published Friday, June 21st, 2013

Pickin' Up Tennessee crisscrossing state to deliver message, record music, make film

Mindflow Media films the Booker T. Scruggs Ensemble at the Tennessee Aquarium Plaza for a scene in a documentary they’re making for Pickin’ Up Tennessee.
Mindflow Media films the Booker T. Scruggs Ensemble at the Tennessee Aquarium Plaza for a scene in a documentary they’re making for Pickin’ Up Tennessee.
Photo by Connor Choate.
  • photo
    Crews picked up litter in Meigs County Thursday for the Pickin’ Up Tennessee tour and documentary. Photo by Susan Sizemore

On the Web

Learn more about the tour and meet the filmmakers and their children at www.pickuptn.org.

Jane and Harlan Porfiri have been traveling the state with their parents, filming a fairly elaborate documentary with a simple message.

"Never, ever, ever, ever litter," 8-year-old Harlan says.

"And always recycle," 10-year-old Jane adds.

On a beautiful Wednesday afternoon, the two were sitting in the Tennessee Aquarium Plaza next to their mother, Linda Duvoisin, and watching their father, Dave Porfiri, film the Booker T. Scruggs Ensemble as it performed the hymn, "Closer Walk With Thee."

The performance is one of 20 such songs being recorded as part of the Pickin' Up Tennessee tour, now traveling across the state to promote the message "Love the Land. Lose the Litter." Before the tour made it to Chattanooga, an all-girl rock band was filmed in Nashville and a few artists have written original songs just for the project.

"The music has been awesome," Porfiri says.

The tour, running from June 1 through Wednesday, is being pushed by Scenic Tennessee, a citizen's organization devoted to keeping the state's highways beautiful, and is being paid for by a grant from the Tennessee Department of Transportation's Beautification Office. TDOT was given $1 million and allocated that money to 15 grantees, including Scenic Tennessee, which was given $100,000.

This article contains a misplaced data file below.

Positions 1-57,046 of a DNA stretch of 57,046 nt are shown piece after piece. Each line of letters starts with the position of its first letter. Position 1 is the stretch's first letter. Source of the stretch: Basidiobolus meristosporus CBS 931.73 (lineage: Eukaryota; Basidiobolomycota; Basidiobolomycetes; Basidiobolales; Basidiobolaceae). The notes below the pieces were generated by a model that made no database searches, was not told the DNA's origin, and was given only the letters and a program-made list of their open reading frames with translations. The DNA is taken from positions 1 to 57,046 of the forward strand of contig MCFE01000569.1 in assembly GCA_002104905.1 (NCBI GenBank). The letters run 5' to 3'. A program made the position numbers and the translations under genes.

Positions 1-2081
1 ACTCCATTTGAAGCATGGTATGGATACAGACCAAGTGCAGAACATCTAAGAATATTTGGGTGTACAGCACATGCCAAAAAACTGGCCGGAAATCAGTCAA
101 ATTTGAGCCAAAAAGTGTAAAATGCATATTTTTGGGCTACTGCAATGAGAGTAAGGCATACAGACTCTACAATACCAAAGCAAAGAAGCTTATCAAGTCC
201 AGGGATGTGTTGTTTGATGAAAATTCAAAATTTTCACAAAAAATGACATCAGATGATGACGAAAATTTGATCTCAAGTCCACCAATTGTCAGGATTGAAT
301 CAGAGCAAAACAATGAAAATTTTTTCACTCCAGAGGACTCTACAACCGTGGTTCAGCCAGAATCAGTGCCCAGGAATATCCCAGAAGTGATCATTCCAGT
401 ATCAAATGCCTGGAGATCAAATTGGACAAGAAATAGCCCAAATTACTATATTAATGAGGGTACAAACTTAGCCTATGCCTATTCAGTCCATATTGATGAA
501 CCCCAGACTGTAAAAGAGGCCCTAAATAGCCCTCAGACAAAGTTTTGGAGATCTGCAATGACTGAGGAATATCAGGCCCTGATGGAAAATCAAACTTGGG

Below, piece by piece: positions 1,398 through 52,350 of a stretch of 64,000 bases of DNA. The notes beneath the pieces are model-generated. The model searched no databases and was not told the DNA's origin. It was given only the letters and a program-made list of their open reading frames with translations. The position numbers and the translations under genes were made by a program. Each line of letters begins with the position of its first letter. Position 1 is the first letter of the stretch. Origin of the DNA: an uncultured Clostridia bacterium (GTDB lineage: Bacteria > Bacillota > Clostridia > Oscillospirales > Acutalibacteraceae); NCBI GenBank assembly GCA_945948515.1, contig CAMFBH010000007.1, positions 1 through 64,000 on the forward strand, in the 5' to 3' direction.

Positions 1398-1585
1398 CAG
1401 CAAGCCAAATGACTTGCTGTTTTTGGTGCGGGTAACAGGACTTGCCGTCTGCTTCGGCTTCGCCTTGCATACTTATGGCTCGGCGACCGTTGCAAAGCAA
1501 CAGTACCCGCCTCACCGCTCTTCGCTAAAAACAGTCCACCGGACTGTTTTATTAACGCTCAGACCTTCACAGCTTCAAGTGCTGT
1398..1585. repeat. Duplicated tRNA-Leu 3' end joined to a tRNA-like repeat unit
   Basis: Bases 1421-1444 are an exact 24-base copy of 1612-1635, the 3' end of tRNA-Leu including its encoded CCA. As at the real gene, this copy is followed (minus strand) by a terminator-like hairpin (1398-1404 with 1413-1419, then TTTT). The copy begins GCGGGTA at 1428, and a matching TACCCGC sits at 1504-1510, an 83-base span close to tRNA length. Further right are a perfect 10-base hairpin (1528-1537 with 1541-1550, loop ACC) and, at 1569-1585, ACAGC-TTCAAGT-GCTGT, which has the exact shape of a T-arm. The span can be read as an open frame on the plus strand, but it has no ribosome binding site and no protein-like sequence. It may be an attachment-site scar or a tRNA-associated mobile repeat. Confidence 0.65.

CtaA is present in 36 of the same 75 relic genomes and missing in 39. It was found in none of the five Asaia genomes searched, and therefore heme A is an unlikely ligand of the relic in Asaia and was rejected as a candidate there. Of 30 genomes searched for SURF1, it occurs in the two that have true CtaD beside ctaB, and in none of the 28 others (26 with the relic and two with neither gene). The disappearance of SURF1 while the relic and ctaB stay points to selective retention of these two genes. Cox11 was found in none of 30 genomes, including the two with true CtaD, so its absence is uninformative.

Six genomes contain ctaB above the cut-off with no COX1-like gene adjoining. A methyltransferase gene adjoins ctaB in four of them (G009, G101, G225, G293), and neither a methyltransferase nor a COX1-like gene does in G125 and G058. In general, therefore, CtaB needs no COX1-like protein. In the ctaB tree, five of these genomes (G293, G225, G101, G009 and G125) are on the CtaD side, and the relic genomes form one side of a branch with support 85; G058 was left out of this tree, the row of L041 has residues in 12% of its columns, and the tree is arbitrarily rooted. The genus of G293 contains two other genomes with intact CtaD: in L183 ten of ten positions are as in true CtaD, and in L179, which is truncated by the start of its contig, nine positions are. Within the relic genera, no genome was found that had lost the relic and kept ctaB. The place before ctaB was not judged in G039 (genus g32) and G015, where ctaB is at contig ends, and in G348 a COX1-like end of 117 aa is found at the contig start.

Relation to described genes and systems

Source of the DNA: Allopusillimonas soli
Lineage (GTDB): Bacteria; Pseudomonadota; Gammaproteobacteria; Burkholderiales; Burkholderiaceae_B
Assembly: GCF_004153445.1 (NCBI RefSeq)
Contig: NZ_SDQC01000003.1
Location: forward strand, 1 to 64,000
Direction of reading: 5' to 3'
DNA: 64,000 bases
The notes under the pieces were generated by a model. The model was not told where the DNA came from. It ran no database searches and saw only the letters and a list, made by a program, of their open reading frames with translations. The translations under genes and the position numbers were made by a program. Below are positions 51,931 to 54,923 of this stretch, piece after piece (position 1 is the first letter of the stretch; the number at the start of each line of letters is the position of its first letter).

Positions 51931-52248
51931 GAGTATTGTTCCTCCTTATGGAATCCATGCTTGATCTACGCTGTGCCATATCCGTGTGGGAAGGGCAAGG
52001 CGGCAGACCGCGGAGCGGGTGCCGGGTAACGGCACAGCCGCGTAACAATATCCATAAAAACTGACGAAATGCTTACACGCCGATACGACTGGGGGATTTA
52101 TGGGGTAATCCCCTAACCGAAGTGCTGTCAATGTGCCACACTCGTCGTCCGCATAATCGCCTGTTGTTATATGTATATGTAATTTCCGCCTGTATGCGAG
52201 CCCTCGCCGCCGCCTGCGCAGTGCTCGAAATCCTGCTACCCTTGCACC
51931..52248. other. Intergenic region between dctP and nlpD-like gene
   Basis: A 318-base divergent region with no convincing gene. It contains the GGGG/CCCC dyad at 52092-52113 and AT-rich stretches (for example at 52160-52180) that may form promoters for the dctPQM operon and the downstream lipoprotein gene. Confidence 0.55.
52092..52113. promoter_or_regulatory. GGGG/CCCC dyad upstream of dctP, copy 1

The idea of recording musicians in 20 counties while picking up trash and spreading the don't litter message offered several advantages, Porfiri says.

"It ties in the regions and adds to the scenic beauty of the state," he says. "Plus, music helps the medicine of the message go down easier."

Porfiri's film will be available for viewing on the website alongside stories that are being filmed in another 20 counties. The remaining 55 counties in the state are being asked to submit their own video projects to be included in the overall package online over the next several months.

"This tour is designed to be a jumpstart," Porfiri says.

Duvoisin and Porfiri are Chattanooga-based documentarians. After discussions with Scenic Tennessee Director Marge Davis, it was a decided that traveling across the state in an RV, documenting the trash they find along the way and filming the various musicians was the best route to take.

"My kids are at a great age to become role models," Porfiri says. "They are the youth ambassadors of the project."

What they've found -- whether visiting inner-city Nashville and Memphis or more rural areas in Dickson, Hickman and Marshall counties -- is that plastic bottles are the biggest source of litter.

"And a lot of Bud Light beer cans," he says. "It seems to be the most popular."

Davis says that "at least 60 percent of the litter is recyclable. That is the biggest message we want to impress upon people. That is a shame."

As might be expected, areas that don't have dedicated trash cleanup crews have the most roadside litter, Davis says.

Porfiri says the plan is use the film, social media and the website over the next two years to continue to promote the message.

"It takes time to change people's habits."

Duvoisin says the trip has become a working vacation, but she has been surprised at the stories, people and beauty they've come across.

"I wasn't sure about combining the kids with work, but it has been fun," she says.

While in Memphis, the girls were introduced during a church service at Mount Olivet Baptist Church and were asked to speak to the congregation.

"We've seen the world's largest treehouse [in Crossville], and we went to a church and heard a lot of gospel music," Jane says. "That was great."

Contact staff writer Barry Courter at bcourter@times|freepress.com or at 423-757-6354.

about Barry Courter...

Barry Courter is staff reporter and columnist for the Times Free Press. He started his journalism career at the Chattanooga News-Free Press in 1987. He covers primarily entertainment and events for ChattanoogaNow, as well as feature stories for the Life section. Born in Lafayette, Ind., Barry has lived in Chattanooga since 1968. He graduated from Notre Dame High School and the University of Tennessee at Chattanooga with a degree in broadcast journalism. He previously was ...

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